My writing ministry file, labeled 20:24:28, holds almost 400 digital pages right now. The other day, as I finished my blog series on story motifs, I scrolled back to the beginning of the document and discovered some interesting points that I should review more often.
In a lot more areas of life, it’s a good idea to travel back to the beginning, either literally or mentally. Back to the beginning of our marriage. Back to the beginning of my career. And sometimes, back to the beginning of my journey with God.
Maybe this reminiscing stems from the occasional reminders that we’ll tie up our missionary life in Chile within just a few years. The finish line of this 40-year marathon we’ve run looms in the not-so-hazy distance. And after all, the “28” of 20:24:28 symbolizes the year I complete my threescore-and-ten.
Acts 20:24 appears in the first line of my purpose statement: “…That I might finish my course (job, assignment, book!) with joy…” As another Bible version expresses it:
“My life is worth nothing to me unless I use it for finishing the work assigned me by the Lord Jesus…” –Acts 20:24
When I adopted that verse as “mine” while in college, I had not the remotest idea of where it would eventually take me. At that point, I little imagined the “last corner of the earth” in the remote Chiloé Islands where my missionary career first carried me.
Yet back at the beginning, I remember singing: “Jesus, I adore You, lay my life before You, how I love You…” while washing dishes, sobs mixing with the suds. In those days, it didn’t much matter whether the activity in itself was significant, because I assumed someday it would be…in God’s eyes. My genuine love made the smallest task an act of worship.
However, I’ll admit that often enough since then, I’ve thought, whispered, and even spoken aloud an entirely opposite viewpoint. I’m tempted to wonder, Has my life turned out a complete waste of effort?
But the other day, I stood rebuked. While rereading and editing Destiny at Dolphin Bay, I’ve reviewed the story of Mary of Bethany pouring out her perfume on Jesus. The main character, Melissa Travis, tells this Bible story to a group of children and then recounts it again at the inauguration of the island church in Pursuit of the Pudú Deer.
What a waste. “What a waste of valuable ointment,” the disciples said.
But no. Her extravagant love, her exuberant worship, were not a waste. Not ever. And Jesus chided those who muttered the words.
It came then as if as if He spoke to me: What has it all been about then, child? About giving a love offering…or about making a name and reputation for yourself? Was any of it really done for Me?
So if God is glorified and accepts my sacrifices as sincere worship, does it matter whether I’m praised…or validated…or memorialized?
Droplet Gift #27: I will live and serve—work, worship, read and write, sing and scrub—for love, from beginning to end.
If any other purpose exists, it will wear out LONG before the end. Continually I must go back to the beginning—figuratively, at least. For refilling, refreshing, replenishing. And just plain remembering why I am here.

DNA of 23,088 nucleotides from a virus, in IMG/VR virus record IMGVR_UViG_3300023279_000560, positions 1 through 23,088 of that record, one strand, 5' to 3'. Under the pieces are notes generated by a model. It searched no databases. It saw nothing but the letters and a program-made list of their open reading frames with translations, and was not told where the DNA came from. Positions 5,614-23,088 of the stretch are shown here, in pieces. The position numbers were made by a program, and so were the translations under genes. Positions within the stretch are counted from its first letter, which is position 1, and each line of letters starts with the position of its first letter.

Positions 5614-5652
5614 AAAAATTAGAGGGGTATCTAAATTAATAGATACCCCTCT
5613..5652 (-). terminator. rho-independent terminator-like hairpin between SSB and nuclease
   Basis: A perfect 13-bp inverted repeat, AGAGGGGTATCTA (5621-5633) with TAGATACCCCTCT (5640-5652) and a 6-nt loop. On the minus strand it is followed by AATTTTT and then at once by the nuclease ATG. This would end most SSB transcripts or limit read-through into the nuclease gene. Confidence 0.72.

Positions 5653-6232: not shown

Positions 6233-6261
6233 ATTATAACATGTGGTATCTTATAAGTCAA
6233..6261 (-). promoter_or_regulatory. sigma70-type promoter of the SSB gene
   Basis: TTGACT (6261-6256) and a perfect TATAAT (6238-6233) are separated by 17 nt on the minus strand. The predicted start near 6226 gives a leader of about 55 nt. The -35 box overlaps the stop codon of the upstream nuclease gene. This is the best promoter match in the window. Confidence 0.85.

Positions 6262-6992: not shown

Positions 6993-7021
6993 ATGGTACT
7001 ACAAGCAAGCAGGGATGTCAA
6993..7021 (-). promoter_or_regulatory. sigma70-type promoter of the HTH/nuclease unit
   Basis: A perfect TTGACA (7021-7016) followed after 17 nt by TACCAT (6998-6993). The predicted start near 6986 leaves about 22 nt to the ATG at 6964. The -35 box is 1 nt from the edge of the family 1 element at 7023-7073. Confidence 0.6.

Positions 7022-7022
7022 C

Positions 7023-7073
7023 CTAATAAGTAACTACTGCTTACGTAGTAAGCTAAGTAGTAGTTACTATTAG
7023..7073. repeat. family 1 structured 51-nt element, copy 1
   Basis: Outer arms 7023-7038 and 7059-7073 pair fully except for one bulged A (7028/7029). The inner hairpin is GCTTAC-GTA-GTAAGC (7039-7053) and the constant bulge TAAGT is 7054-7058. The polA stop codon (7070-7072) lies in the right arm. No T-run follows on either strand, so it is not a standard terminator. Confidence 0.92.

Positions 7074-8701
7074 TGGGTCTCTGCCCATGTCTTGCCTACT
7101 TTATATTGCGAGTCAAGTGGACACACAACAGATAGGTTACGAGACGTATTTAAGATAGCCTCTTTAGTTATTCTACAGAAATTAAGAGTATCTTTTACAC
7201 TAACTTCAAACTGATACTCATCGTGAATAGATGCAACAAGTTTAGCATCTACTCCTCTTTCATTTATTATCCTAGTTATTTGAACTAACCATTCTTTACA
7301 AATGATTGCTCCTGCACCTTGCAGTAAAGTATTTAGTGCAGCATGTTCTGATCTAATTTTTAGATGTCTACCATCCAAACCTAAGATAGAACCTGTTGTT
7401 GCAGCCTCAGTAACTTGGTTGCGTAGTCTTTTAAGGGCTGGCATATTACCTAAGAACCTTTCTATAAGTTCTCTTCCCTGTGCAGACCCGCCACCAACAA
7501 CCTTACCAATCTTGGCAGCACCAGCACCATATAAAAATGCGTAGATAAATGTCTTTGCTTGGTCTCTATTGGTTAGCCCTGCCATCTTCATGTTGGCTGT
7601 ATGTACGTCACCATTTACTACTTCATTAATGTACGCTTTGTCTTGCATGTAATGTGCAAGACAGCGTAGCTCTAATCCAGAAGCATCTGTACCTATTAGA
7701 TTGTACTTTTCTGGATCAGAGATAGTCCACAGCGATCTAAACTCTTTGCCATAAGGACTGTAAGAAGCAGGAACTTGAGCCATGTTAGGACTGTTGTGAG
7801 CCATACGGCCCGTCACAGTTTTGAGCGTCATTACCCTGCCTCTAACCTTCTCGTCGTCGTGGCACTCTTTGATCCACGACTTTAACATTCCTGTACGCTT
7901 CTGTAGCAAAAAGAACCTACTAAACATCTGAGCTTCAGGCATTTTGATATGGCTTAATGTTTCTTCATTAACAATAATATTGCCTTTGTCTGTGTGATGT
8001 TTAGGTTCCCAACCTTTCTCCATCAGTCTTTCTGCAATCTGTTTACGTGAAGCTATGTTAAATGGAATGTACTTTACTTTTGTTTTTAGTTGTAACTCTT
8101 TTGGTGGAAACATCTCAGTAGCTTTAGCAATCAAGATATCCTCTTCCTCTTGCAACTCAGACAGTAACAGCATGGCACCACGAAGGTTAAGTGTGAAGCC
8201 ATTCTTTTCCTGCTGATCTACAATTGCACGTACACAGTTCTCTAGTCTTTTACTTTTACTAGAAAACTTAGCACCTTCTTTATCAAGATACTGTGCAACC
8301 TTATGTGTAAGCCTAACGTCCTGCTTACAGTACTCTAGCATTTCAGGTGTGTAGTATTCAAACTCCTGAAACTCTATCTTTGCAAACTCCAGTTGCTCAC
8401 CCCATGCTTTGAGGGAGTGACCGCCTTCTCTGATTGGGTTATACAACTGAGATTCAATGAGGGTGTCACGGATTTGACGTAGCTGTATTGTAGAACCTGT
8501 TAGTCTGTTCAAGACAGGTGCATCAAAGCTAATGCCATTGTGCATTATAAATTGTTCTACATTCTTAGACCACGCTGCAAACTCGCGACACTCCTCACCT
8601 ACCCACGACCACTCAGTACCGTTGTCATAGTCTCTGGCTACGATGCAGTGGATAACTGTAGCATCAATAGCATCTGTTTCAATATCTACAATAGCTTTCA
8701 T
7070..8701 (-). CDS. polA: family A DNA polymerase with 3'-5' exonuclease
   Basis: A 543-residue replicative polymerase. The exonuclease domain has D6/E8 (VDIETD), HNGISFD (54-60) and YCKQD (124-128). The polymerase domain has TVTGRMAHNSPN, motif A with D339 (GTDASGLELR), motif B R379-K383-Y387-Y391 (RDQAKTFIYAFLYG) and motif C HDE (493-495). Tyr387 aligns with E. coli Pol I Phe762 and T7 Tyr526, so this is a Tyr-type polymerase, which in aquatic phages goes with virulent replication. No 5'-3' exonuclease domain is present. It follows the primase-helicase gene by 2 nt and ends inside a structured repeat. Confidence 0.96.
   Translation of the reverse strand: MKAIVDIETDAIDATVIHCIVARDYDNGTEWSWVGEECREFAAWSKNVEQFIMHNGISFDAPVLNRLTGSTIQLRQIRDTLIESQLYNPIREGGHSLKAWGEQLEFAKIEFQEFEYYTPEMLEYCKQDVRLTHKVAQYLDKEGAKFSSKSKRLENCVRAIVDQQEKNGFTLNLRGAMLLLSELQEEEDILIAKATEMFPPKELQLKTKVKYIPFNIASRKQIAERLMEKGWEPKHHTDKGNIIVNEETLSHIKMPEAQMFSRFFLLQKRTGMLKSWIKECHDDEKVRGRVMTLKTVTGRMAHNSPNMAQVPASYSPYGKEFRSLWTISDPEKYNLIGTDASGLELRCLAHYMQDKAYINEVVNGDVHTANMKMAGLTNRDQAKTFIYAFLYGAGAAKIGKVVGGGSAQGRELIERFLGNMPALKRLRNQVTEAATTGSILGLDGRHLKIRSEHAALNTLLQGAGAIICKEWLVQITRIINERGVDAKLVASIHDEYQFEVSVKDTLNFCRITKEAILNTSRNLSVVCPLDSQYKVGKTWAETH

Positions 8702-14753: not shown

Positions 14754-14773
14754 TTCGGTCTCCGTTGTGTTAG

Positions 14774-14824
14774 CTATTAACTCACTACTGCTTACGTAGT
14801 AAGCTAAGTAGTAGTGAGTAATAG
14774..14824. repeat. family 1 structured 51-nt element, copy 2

“In the beginning God created…” commences God’s story in Genesis 1:1. John 1:1 retells it: “In the beginning was the Word…”
In the creation of any story, the beginning is of paramount importance. The first chapter can make or break the writer with an editor or agent. The first page can mean the difference between a reader tossing the book aside or turning the page. And ah, those first words can draw you in or pull you out of a tale.
But a story must always commence with the end in mind, because the end circles back to the beginning. And every plot point throughout the narrative bears the story goal and the writer’s vision from opening to conclusion.
“A good word makes the heart glad” –Proverbs 12:25
Back at the beginning of 20:24:28, I concocted a mission statement (for books and blogging): to inspire Christian women and girls to experience lives of joy, purpose, and fulfillment.
Bottom line, I wrote simply for the JOY of it:
- To please God and give Him joy,
- To enjoy myself,
- And to offer “joy to the world.”
Surprisingly, those original dreams, desires, and wishes require frequent reviewing. While writing is work—a challenge, an exercise, sometimes a struggle to stay in the chair—it’s supposed to be fun! I find I must head back to the beginning and reignite my love affair with words.
Looking back to the beginning, I see many miles put on in this race of life. My ambitions and plans have taken the odd detour or twisting sideroad. Perhaps I need to reimagine my bucket list more than I suspected.
I took those first steps in love, not duty. In joy, not responsibility.
In all the experiences and education gained along the way, have I learned thrift but not generosity? Prudence but not boldness, tact but not love of the truth? Have I acquired knowledge and ability without wisdom and kindness?
Those scary questions near the end should send me scampering back to the beginning. I pray to remain just as committed and curious and crazy about life today as I was at 25. I determine to keep up the fight for goodness and beauty in God’s world—and to keep it frankly fun, too. And I write to advance His kingdom—in heaven and on earth.
“Write so that heaven will be different.” –Lee Roddy
Now that I’m nearing the end of my career here, I’m winding back to the beginning. To scribble and spill out words of worship. To break beautiful boxes and fill His house with fragrance. I remember it’s not about me.
Of course, I want to impact others. But really…I came to worship.
“Now salvation is nearer to us than when we believed. The night is almost gone, and the day is near” (Rom. 13:11-12). Knowing the end times we live in, it makes sense to examine life in view of our calling. But so close to sunrise, who would want to turn back now?
Lord, don’t take me home… until THE END is better than the beginning.